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Chiropractic Research Review

Clinical Assessment Enhanced by Diagnostic Equipment

Clinical procedures alone may sometimes prove inadequate for evaluating low-back pain, particularly if symptoms have lasted for fewer than seven weeks or if radiculopathic evidence is lacking.

Low-back dysfunction also does not always correlate well with physical examination findings, patient history or symptoms, including reported pain. Eighty-seven subjects (46 healthy subjects and 41 presenting with acute low-back pain) were evaluated by clinicians and by a diagnostic machine designed to analyze lumbar spine function under load. Subjects were placed randomly into an "honest" group which was instructed to report their true condition throughout the study, or a "dishonest" group instructed to simulate or dissimulate a condition.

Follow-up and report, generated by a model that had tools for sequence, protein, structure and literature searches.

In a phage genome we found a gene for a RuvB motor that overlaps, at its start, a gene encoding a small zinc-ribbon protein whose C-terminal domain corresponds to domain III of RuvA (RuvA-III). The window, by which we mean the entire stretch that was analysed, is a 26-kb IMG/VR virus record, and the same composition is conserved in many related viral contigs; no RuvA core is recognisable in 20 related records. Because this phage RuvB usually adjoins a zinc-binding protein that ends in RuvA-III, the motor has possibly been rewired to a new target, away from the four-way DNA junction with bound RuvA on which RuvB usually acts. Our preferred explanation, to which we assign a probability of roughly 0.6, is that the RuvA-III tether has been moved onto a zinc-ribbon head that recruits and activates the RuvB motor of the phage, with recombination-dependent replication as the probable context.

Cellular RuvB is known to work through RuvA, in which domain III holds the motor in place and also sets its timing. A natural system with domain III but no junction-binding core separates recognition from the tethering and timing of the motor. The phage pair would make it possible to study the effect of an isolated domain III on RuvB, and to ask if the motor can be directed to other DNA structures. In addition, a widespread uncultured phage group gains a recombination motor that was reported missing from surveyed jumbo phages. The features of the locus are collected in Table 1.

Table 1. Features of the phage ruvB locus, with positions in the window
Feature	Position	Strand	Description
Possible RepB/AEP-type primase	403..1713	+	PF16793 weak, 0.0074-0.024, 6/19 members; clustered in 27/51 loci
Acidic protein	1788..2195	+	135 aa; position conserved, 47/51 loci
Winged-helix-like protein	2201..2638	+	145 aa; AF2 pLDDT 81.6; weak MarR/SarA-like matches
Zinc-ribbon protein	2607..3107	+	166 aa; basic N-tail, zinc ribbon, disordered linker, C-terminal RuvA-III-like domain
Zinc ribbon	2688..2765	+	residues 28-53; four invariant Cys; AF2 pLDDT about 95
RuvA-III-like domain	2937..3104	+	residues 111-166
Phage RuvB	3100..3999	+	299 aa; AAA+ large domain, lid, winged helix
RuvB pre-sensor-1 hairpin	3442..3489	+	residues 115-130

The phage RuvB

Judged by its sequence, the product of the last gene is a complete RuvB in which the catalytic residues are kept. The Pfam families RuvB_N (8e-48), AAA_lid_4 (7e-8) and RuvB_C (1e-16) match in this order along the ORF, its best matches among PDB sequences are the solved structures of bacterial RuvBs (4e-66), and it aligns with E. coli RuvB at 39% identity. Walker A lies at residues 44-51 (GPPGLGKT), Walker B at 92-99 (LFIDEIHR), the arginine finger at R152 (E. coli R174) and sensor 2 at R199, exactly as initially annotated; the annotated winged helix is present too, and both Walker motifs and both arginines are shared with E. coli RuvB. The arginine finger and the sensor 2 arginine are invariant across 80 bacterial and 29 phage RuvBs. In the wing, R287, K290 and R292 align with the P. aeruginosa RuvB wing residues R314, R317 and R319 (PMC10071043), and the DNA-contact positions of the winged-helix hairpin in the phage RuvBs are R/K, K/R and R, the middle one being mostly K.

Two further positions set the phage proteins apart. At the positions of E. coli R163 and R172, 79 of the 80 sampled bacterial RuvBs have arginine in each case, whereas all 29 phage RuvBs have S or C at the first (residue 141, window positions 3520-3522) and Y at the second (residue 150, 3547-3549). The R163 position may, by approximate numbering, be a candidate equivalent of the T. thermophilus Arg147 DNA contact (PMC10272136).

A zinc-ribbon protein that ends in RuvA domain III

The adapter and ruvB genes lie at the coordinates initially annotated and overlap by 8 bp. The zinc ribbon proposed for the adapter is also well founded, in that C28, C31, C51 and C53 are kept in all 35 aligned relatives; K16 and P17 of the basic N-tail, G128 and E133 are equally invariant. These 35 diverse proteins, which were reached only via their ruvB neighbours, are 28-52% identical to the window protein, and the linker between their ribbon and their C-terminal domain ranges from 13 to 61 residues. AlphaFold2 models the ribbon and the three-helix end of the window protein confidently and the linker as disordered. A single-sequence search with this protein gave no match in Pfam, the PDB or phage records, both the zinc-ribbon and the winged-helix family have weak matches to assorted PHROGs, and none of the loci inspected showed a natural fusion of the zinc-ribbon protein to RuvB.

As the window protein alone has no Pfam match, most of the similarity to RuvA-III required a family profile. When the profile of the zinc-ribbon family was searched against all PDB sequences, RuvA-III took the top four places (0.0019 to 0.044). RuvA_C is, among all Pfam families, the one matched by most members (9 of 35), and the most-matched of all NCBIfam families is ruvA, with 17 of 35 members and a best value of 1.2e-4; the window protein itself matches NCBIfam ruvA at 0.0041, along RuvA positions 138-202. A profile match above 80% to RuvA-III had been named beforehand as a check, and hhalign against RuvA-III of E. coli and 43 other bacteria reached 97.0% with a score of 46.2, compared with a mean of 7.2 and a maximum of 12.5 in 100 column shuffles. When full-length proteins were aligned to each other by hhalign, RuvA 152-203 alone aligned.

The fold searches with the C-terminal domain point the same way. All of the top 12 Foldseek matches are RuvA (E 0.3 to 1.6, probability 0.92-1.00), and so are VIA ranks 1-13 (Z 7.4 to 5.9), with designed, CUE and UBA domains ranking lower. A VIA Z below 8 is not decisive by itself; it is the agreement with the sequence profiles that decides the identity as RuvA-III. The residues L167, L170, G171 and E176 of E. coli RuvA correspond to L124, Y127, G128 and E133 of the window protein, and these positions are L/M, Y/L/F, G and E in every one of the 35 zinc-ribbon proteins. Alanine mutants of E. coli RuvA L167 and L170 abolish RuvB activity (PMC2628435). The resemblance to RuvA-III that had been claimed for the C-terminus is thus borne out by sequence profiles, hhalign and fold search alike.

Results: Clinicians performed significantly better than the machine in terms of the honest group, but much more poorly with respect to the dishonest group. By relying primarily on the subject's self-presentation, a clinician may err in evaluating low-back function, especially if patients do not adequately report the nature of their condition. The additional, functional analysis provided by a diagnostic machine emphasizes the importance of accurate reporting by patients and careful clinical and diagnostic scrutiny by doctors.

Gracovetsky SA, Newman NM. Evaluation of clinician and machine performance in the assessment of low back pain. Spine, March 1998;23(5), pp568-75.

Chiropractic Research Review

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